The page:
Sending 50% of the urological procedures currently done in hospitals to ASCs and physician offices would save Medicare nearly $66 million a year, according to a study published in the Journal of Urology.
Researchers analyzed cost data for 22 procedures across the 3 settings, including costs for post-operative complications and unexpected hospitalizations within 30 days of the procedures, and found ASCs and physician offices less costly for all but 2 procedures. Eighty-eight percent of the procedures analyzed were performed in the non-hospital settings, and patients in ASCs and physician offices tended to be lower-risk than those in hospital settings.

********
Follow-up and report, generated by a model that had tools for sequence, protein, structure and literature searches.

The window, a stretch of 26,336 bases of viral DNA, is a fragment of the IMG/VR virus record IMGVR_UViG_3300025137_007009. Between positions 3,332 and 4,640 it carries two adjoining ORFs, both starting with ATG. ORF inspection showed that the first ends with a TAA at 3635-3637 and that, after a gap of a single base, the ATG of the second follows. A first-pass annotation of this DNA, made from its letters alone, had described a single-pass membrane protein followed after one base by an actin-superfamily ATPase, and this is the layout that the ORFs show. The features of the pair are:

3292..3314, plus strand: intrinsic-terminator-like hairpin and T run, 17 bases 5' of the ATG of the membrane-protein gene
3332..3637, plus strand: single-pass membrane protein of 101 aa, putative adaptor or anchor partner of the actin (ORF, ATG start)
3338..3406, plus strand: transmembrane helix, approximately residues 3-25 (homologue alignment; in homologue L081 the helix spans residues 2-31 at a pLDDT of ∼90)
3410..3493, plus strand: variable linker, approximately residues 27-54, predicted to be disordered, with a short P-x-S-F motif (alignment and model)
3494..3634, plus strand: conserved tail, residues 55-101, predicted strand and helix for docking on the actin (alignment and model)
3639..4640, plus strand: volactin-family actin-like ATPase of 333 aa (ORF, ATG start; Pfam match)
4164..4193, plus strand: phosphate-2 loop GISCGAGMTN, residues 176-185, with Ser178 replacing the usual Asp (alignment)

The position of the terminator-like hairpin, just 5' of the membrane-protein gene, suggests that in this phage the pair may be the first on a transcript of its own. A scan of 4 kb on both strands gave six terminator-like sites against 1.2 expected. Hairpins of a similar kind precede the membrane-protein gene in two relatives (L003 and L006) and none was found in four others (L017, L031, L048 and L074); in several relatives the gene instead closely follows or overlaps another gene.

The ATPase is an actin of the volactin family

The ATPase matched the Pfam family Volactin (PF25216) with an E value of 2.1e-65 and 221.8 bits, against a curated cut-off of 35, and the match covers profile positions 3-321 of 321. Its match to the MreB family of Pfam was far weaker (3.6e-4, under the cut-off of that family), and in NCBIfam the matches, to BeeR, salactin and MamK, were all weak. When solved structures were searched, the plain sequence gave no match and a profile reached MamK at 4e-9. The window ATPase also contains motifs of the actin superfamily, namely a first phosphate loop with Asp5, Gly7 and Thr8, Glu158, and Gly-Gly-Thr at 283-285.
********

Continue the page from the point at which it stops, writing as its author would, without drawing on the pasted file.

Average total payments ranged from $200 for urethral dilation in a physician's office to $5,688 for shock-wave lithotripsy in the hospital. Urodynamic procedures were more than 33% less expensive in ASCs, and prostate biopsies were nearly 75% less so. Physician offices weren't significantly more cost-efficient sites of service compared with ASCs. "Facility payments tended to be the driver of payment differences," write the researchers.
"The Medicare program accounts for 19% of total national spending on personal health services, making it the single largest payer in the United States," says lead study author John M. Hollingsworth, MD, of the department of urology, Dow Division of Health Services Research and Center for Healthcare Outcomes and Policy, at the University of Michigan in Ann Arbor. "Therefore, with regard to healthcare financing, as Medicare goes, so goes the nation."
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